KEY (VETERAN WWI), CARL HARDWICK - Benton County, Arkansas | CARL HARDWICK KEY (VETERAN WWI) - Arkansas Gravestone Photos

Carl Hardwick KEY (VETERAN WWI)

Bland (aka New Bland) Cemetery
Benton County,
Arkansas

WAGONER US Army
147 Infantry 37 Division
June 10, 1893 - October 18, 1919

*Obituary
Rogers Democrat
Thursday, October 23, 1919

KEY, Carl Harwick - The body of Carl Harwick Key, son of Mr. and Mrs. E.M. Key, arrived the first of the week from Hot Springs, Ark. where he had died Saturday, October 18th in the Army and Navy Hospital. Funeral services were held at the home, east of Rogers on White river at Key, yesterday afternoon and were conducted by Rev. Eli Myers, pastor of the Central M.E. church of Rogers. It had been expected to give Carl a regulation military funeral but it was impossible to secure the guns for the salute. Sixteen comrades in arms were present at the funeral and served as pall bearers and as escort while the Stars and Stripes were carried ahead of the casket as it was taken from the house to the family burial ground. Carl Key was born at Key, June 10, 1893 and most of his life had been spent in Benton Co. He entered the army at Camp Bowie and was a member of the Supply Company of the 147th Inf., 90th Division, from September 18, 1917. He landed in England July 4, 1918 and was on the battle front for five months. November 9th he was gassed, just two days before the fighting ceased and until May was in one of the American hospitals in France. Landing in New York May 22nd he had since been at the government hospital at Hot Springs where he had the very best treatment possible but his injuries were too serious and all efforts were without avail. Coming almost a year after the close of the war and at a time when such of his comrades as survived the dangers of the battle line were back at work, surrounded by loving relatives and friends, the death of a soldier from wounds received during the war seems doubly hard. And while the family visited him at the hospital they were denied the joys of having him back in the old home. It would have seemed a blessed gift if he could have died there among loved ones but it was not possible. And so with sad hearts we add one more name to the list of Benton county boys who gave their lives for their country.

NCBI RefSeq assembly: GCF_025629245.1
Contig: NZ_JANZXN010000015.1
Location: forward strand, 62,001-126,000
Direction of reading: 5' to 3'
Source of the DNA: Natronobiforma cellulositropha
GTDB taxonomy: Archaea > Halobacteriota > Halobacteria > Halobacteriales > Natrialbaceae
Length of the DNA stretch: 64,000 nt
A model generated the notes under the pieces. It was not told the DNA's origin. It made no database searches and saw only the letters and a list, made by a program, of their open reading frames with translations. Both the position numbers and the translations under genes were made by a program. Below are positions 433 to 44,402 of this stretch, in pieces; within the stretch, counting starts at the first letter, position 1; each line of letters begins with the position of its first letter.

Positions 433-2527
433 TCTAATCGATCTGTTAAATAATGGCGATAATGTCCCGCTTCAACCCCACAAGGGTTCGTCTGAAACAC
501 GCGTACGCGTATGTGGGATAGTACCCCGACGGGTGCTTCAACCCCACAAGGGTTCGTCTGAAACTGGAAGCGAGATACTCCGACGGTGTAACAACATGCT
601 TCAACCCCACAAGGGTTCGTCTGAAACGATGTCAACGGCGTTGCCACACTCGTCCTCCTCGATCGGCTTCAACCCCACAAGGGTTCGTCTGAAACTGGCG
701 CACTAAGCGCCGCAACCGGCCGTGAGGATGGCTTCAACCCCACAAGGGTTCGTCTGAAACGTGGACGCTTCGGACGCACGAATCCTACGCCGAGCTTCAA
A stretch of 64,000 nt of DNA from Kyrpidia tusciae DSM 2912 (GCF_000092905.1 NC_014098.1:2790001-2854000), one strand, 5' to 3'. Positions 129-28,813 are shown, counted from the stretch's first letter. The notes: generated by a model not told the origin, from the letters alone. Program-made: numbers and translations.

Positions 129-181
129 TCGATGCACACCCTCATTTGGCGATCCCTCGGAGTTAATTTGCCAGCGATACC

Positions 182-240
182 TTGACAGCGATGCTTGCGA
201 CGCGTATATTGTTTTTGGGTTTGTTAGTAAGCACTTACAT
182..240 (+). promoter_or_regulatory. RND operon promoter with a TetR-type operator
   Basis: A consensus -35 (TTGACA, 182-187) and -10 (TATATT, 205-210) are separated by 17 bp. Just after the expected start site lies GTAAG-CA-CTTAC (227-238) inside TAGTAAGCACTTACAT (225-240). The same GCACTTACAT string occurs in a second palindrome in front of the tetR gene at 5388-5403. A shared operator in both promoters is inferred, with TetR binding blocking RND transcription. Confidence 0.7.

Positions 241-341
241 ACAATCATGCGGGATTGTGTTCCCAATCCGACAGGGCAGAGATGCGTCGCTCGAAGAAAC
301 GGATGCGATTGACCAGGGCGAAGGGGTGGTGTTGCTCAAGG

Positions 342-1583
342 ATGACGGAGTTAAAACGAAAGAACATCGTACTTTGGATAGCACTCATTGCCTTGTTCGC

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Carl Hardwick Key, son of Elbert Malcolm and Ella Smith Key. He was on the battle front for 5 months. On Nov. 9, 1918 he was gassed, just 2 days before fighting ceased. He was in a hospital in France until May of 1919, arriving in New York on May 22, 1919. Was transferred to the Army - Navy Hospital at Hot Springs where he died Oct. 18, 1919. He was my great uncle. (Unknown author)

Contributed on 6/23/08 by judyfrog
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Record #: 31583

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Submitted: 6/23/08 • Approved: 5/31/14 • Last Updated: 6/3/14 • R31583-G0-S3

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